“China is expected to climb the autonomous technology ladder very quickly, mainly because Chinese companies can access the local navigation satellite system, which gives them an advantage over their international peers,” said Alexious Lee, Head of China Industrial Research at Hong Kong brokerage CLSA.
He was referring to China’s ‘Beidou’ homegrown satellite navigation system, a rival to the U.S. Global Positioning System (GPS). Beijing has included agricultural machinery in its ‘Made in China 2025’ campaign, meaning the vast majority of its farm equipment should be produced at home by that time.
Semi-automated technology is already fairly common on farms in places such as the United States, but fully-automated tractors and combines have yet to be mass-produced anywhere.
Responsible Wood recertification backs VicForestsVicForests has announced its successful 3-year re-certification under the Responsible Wood standard. An audit was conducted across the business in December 2018 and recommended VicForests re-certification highlighting its thorough workplace and contractor safety standards, contractor management and continued contribution to research.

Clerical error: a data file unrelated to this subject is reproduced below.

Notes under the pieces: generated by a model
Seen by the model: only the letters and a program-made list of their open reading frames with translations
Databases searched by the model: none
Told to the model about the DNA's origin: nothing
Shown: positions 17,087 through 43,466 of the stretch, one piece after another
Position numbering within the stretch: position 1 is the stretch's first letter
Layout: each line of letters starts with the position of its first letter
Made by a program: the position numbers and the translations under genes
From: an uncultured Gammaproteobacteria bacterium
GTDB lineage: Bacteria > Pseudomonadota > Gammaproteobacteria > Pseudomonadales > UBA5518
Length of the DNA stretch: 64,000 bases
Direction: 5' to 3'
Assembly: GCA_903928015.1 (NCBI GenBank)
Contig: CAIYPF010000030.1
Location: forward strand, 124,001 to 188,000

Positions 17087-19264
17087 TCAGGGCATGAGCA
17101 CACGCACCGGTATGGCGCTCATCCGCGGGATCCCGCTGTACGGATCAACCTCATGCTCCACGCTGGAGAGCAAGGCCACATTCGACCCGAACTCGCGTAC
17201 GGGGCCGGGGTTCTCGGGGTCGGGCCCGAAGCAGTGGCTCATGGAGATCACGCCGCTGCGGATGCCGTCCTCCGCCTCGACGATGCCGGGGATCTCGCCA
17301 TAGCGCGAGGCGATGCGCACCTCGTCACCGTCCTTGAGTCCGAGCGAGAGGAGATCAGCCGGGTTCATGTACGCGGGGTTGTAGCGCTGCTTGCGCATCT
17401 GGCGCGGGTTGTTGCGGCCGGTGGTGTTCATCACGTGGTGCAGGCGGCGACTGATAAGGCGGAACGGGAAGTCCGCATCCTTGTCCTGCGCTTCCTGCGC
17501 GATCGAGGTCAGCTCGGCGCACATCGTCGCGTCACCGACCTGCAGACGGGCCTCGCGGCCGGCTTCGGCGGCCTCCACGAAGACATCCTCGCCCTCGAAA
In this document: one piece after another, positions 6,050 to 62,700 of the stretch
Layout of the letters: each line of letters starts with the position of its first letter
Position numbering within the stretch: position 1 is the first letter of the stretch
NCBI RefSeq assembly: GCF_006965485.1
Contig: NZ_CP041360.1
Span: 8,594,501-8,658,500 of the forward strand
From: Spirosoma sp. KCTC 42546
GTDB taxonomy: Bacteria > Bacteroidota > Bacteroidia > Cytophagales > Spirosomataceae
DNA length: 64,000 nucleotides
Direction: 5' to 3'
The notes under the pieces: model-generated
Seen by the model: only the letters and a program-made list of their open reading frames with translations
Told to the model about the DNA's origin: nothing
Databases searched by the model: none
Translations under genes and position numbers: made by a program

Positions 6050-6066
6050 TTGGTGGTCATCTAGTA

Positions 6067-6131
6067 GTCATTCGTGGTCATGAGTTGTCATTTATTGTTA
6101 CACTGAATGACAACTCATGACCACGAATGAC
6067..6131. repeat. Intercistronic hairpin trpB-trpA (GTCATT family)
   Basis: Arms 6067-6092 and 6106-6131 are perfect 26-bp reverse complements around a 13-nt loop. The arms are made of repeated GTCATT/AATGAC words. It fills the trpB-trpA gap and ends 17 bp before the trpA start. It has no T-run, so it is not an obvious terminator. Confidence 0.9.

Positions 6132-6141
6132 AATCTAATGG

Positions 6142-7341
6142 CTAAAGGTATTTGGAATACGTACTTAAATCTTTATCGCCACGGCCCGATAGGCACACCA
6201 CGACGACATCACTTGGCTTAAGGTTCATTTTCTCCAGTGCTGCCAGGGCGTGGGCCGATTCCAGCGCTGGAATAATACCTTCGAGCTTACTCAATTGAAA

The Responsible Wood standard is endorsed by the international Programme for the Endorsement of Forest Certification (PEFC) – the largest such system in the world which covers more than 300 million hectares of forest, has 49 national members and equates to around two-thirds of the world's total certified forest area.
General Manager of Corporate Affairs, Alex Messina, said VicForests was proud of its Responsible Wood certification which has been maintained for more than 10 years. “This is a terrific result which shows VicForests continues to be a responsible native timber harvesting business,” Mr Messina said.
VicForests has maintained Responsible Wood certification since 2007 and undertakes regular independent audits to monitor its management systems and operations in accordance with these requirements. All major commercial native timber harvesting enterprises across Australia are certified under this system including Queensland, New South Wales, Tasmania, South Australia and Western Australia.